The forest and tree cover in Delhi has increased by 16.58 km and gone up to 299.58 sq. km, according to the “India State of Forest Report-2009” released by the Forest Survey of India here on Thursday.
The report has stated that the forest and green cover now constitute 20.20 per cent of the geographical area of Delhi, which is spread over 1,483.01 sq. km.
The Forest Survey of India, which comes under the Union Environment and Forests Ministry, comes out with an assessment on the forest cover of the country every two years. The latest report is based on the interpretation of satellite data gathered between October 2006 and March 2007.
As per the report, the total forest cover stood at 176.58 sq. km. – an increase of 0.14 sq. km. over the previous assessment – and it now constitutes 11.91 per cent of the geographical area. Of the forests, dense forests now comprise 6.76 sq. km while in the previous assessment they had not existed in Delhi. Of the remaining forest cover, 49.84 sq. km. comprises moderately dense forest, while 119.98 sq. km is open forest.
Among the different parts of Delhi, New Delhi district has the highest forest cover at 46.60 per cent of its geographical area and it is followed by South Delhi at 31.46 per cent and South-West Delhi at 10.08 per cent.
The plantations undertaken across Delhi have primarily contributed to the increase in the green cover. So the tree cover in Delhi, excluding the forest areas, has gone up to 123 sq. km or 8.29 per cent of the city’s geographical area from 107 sq. km earlier.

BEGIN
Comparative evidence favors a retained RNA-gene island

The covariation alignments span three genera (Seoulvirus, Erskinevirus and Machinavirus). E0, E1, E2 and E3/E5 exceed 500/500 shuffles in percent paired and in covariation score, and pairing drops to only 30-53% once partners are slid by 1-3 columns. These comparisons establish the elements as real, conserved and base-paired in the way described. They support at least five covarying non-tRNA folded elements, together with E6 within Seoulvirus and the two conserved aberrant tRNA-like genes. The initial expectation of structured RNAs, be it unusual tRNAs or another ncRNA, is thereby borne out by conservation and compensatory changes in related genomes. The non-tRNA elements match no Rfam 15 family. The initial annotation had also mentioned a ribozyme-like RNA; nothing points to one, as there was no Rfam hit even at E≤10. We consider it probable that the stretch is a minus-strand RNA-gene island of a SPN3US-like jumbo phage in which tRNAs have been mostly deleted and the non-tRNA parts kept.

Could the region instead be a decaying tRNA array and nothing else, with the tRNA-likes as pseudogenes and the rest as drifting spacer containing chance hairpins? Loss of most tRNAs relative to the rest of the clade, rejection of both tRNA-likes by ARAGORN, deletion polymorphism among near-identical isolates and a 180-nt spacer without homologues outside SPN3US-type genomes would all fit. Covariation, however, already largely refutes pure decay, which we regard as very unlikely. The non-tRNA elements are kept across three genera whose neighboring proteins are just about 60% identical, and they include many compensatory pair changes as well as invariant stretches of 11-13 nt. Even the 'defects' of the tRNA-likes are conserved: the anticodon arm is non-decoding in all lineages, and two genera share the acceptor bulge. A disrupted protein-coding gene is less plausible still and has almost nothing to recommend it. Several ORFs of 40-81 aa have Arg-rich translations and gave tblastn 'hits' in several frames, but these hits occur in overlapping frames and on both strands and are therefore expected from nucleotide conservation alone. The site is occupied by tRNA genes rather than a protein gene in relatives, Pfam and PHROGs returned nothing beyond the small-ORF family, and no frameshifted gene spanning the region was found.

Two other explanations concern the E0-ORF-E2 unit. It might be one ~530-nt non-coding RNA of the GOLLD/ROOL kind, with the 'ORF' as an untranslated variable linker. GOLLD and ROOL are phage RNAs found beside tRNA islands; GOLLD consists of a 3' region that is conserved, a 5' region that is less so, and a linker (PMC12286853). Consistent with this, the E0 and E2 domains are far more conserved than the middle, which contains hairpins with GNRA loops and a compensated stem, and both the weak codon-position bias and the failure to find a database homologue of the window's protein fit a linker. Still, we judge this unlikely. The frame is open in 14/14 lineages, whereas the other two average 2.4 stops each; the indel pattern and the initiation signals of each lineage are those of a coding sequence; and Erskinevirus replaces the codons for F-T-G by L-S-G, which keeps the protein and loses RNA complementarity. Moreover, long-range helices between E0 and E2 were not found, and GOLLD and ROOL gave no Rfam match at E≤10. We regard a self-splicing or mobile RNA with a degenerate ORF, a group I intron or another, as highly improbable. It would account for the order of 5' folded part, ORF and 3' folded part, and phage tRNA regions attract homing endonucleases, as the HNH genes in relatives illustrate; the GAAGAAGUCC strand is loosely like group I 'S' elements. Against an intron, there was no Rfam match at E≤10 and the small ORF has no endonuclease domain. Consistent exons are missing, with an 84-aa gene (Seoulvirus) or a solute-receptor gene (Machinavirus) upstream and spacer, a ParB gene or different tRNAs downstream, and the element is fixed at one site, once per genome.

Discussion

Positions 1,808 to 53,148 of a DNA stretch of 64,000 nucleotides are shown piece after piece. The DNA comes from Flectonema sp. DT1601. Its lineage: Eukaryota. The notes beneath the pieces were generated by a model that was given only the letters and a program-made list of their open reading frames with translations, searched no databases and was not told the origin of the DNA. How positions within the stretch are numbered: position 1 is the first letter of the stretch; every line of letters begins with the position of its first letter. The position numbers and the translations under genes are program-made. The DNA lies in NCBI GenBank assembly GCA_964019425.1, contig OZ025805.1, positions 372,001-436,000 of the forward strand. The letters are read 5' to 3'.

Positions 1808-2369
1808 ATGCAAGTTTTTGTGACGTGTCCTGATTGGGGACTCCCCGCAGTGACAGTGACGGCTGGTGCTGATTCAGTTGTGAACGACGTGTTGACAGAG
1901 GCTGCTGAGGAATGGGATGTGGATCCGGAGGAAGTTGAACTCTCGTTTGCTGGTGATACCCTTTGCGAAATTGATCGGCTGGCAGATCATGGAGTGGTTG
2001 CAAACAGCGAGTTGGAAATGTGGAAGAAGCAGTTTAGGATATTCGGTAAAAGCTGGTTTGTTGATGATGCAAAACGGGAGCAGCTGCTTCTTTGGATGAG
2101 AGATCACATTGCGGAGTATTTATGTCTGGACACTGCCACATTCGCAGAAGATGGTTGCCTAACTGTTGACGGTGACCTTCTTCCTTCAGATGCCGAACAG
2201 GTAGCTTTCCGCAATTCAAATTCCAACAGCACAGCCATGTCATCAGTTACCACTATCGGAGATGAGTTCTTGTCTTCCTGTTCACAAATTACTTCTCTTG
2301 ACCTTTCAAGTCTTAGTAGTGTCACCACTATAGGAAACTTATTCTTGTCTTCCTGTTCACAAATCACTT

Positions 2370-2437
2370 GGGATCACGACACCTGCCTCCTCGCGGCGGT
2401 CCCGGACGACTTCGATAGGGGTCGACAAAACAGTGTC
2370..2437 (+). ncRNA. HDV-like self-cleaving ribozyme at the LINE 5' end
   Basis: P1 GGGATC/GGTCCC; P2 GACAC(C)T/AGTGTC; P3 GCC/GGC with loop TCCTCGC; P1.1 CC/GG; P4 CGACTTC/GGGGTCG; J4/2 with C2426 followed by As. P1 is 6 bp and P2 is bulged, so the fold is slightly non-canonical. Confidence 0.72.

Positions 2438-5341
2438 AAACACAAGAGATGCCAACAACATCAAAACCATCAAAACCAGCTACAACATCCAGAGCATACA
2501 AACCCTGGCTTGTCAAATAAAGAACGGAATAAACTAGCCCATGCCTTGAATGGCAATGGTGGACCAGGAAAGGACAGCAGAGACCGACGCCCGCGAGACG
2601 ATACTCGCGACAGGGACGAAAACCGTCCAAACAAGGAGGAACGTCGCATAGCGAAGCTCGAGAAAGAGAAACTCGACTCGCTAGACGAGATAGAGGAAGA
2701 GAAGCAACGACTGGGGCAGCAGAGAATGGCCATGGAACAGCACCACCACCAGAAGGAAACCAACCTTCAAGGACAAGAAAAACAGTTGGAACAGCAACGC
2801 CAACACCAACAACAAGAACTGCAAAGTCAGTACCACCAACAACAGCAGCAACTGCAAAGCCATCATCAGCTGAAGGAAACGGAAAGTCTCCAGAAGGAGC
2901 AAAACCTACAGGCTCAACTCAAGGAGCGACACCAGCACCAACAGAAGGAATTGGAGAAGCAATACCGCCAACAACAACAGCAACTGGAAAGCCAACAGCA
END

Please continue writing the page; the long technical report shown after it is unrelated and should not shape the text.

Reacting to the report, Chief Minister Sheila Dikshit expressed pleasure over the expansion of green cover in Delhi. She also lauded the work of the Forest and Environment Department, the citizens and other agencies in scripting this “success story”.
Much of the credit for the increase in green cover goes to the Delhi Government that claims to be planting more than 1.5 million tree saplings every year with the cooperation of various government and non-government agencies, children and the public.
During the past three years, 27 new city forests have also been created. Most of these have come up in North-West and South-West districts and more than three lakh saplings have been planted here. Besides, free distribution of saplings has also been going on to promote more tree plantation on private land.